Update 5:56 p.m. Minor League Baseball denied the report Tuesday afternoon.
“Recent articles on the negotiations between MiLB and Major League Baseball (MLB) are largely inaccurate," an MiLB statement read. "There have been no agreements on contraction or any other issues. MiLB looks forward to continuing the good faith negotiations with MLB (Wednesday) as we work toward an agreement that best ensures the future of professional baseball throughout the United States and Canada.”
Multiple sources close to the negotiations believe Minor League Baseball will agree to a significant reduction in teams in a Wednesday meeting with Major League Baseball, potentially signaling the end of professional baseball in Montana, according a report by Baseball America's J.J. Cooper .
MLB's proposal - detailed by Cooper last October - calls for elimination of 42 teams, including the entire Pioneer League, after the 2020 season. Montana's only three professional teams are in the Rookie-level Pioneer - the Billings Mustangs, Great Falls Voyagers, and Missoula Paddleheads. The Helena Brewers moved to Colorado Springs prior to the 2019 season.
Several Montana lawmakers have thrown support behind the minor league. Democrat Jon Tester and Republican Steve Daines have both signed a U.S. Senate Resolution aimed at avoiding contraction, while Montana Rep. Greg Gianforte has also advocated to avoid proposed cuts.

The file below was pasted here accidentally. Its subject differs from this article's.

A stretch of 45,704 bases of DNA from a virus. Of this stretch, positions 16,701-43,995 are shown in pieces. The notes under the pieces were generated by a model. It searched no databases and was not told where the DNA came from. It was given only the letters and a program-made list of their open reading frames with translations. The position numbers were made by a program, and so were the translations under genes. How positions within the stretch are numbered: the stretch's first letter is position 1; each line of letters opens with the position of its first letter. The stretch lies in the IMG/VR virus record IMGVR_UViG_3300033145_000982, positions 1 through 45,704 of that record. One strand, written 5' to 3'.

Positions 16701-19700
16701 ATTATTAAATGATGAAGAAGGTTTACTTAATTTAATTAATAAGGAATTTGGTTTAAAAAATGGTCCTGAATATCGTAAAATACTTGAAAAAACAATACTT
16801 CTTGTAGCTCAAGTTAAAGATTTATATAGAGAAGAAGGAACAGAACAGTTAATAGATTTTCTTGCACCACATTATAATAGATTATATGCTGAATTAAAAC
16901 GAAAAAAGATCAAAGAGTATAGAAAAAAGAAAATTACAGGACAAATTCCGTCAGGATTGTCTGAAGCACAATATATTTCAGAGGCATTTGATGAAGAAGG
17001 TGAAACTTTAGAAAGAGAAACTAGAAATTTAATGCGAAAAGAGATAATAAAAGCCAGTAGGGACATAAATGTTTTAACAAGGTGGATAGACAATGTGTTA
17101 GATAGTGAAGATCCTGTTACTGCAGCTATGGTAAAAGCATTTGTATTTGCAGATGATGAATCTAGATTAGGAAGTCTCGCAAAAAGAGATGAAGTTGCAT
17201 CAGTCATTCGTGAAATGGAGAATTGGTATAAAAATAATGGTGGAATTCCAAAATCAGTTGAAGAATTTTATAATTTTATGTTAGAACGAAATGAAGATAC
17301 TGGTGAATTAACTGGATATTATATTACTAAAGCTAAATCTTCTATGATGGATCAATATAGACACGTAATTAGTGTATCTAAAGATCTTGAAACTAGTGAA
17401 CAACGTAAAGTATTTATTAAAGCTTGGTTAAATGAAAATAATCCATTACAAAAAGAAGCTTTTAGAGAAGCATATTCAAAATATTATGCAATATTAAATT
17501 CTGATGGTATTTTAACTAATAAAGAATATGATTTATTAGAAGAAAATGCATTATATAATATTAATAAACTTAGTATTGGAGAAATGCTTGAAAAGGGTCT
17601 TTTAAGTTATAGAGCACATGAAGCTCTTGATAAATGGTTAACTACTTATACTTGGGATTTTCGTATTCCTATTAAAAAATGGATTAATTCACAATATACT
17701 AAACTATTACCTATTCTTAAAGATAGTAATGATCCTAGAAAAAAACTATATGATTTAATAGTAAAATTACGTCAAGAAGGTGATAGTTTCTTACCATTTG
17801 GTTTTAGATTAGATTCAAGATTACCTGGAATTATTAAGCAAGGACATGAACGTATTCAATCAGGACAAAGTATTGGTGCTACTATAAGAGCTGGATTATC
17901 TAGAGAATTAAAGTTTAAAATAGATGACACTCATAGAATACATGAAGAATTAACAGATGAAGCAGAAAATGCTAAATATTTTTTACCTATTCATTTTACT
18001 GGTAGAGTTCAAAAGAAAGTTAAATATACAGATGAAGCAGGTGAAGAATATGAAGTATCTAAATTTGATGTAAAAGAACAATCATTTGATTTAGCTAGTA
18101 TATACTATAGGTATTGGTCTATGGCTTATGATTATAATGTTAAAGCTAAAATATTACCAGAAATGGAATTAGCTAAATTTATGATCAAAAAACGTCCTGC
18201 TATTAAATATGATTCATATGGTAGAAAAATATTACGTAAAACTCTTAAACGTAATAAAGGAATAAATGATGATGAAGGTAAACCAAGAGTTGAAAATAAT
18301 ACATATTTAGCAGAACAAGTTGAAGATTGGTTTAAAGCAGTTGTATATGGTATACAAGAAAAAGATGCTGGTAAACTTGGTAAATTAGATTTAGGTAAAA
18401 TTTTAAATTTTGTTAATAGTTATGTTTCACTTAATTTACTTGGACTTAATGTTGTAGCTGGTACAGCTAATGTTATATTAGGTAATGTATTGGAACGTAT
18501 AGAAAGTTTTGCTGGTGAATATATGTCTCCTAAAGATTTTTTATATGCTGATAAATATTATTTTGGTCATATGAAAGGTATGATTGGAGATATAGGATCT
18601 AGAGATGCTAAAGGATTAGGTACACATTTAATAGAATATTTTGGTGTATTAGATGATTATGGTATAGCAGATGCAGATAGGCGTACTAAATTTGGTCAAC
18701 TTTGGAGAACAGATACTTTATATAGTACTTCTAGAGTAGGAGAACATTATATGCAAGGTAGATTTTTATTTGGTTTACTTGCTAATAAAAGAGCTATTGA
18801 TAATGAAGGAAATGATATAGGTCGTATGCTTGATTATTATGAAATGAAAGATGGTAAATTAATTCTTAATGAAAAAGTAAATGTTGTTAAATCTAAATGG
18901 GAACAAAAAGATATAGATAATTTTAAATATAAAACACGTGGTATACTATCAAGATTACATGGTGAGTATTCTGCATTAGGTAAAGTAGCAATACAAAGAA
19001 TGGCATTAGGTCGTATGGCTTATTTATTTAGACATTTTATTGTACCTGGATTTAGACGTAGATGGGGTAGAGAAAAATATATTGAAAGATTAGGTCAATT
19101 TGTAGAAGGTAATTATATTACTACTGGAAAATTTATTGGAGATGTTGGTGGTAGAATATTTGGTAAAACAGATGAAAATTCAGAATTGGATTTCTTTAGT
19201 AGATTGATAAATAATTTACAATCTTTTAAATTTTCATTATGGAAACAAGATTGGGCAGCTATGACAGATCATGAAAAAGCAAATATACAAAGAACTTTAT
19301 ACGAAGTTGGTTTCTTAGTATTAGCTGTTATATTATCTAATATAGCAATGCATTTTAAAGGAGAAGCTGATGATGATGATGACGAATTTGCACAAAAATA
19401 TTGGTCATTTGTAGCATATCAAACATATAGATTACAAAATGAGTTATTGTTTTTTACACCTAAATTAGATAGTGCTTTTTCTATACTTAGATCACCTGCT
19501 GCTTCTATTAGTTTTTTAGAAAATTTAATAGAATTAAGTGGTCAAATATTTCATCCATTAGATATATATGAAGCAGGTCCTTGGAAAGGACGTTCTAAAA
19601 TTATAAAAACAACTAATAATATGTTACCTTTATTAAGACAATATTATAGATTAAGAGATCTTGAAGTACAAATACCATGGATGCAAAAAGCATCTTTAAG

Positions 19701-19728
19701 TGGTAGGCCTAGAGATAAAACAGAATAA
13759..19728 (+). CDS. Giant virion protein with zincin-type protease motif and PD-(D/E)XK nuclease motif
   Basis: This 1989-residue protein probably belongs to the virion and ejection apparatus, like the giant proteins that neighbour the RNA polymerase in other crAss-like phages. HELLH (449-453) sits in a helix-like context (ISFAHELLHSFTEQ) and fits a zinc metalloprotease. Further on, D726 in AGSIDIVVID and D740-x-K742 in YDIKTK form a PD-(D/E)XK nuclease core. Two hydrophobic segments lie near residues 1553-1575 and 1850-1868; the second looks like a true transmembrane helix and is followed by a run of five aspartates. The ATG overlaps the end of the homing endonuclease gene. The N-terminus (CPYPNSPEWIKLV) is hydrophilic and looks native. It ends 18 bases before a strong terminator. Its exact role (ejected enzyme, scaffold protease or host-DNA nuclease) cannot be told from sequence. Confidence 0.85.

Minor league representatives initially scoffed at the proposal and offered to fix many issues detailed in the initial report at the baseball Winter Meetings in early December, but the MLB has never backed off their stance of contraction. Now, it appears minor league owners are willing to accept it with eyes on a new labor agreement. The current agreement ends in September.
According to Tuesday's article, "MLB and MiLB have already found common ground on a number of the major outstanding issues that MLB deputy commissioner Dan Halem laid out publicly in a letter to members of Congress last November," notably, facilities upgrades and shortening travel.
The deal would give each Major League organization four full-season affiliates, plus one Rookie-level team at its spring training facility, according to Cooper.
The lone hope fans of teams on the contraction list can cling to is a potential deal to ensure the majority of those 42 markets would have still have baseball with ties to MLB. MLB's initial plan called for a "Dream League" of undrafted players, as well as wood bat leagues for college prospects in affected cities, but MiLB owners said those were not financially viable.
According to Cooper, "MiLB and MLB are now expected to discuss the parameters of a system that has been adjusted to give those cities a better chance of having a viable long-term baseball operation."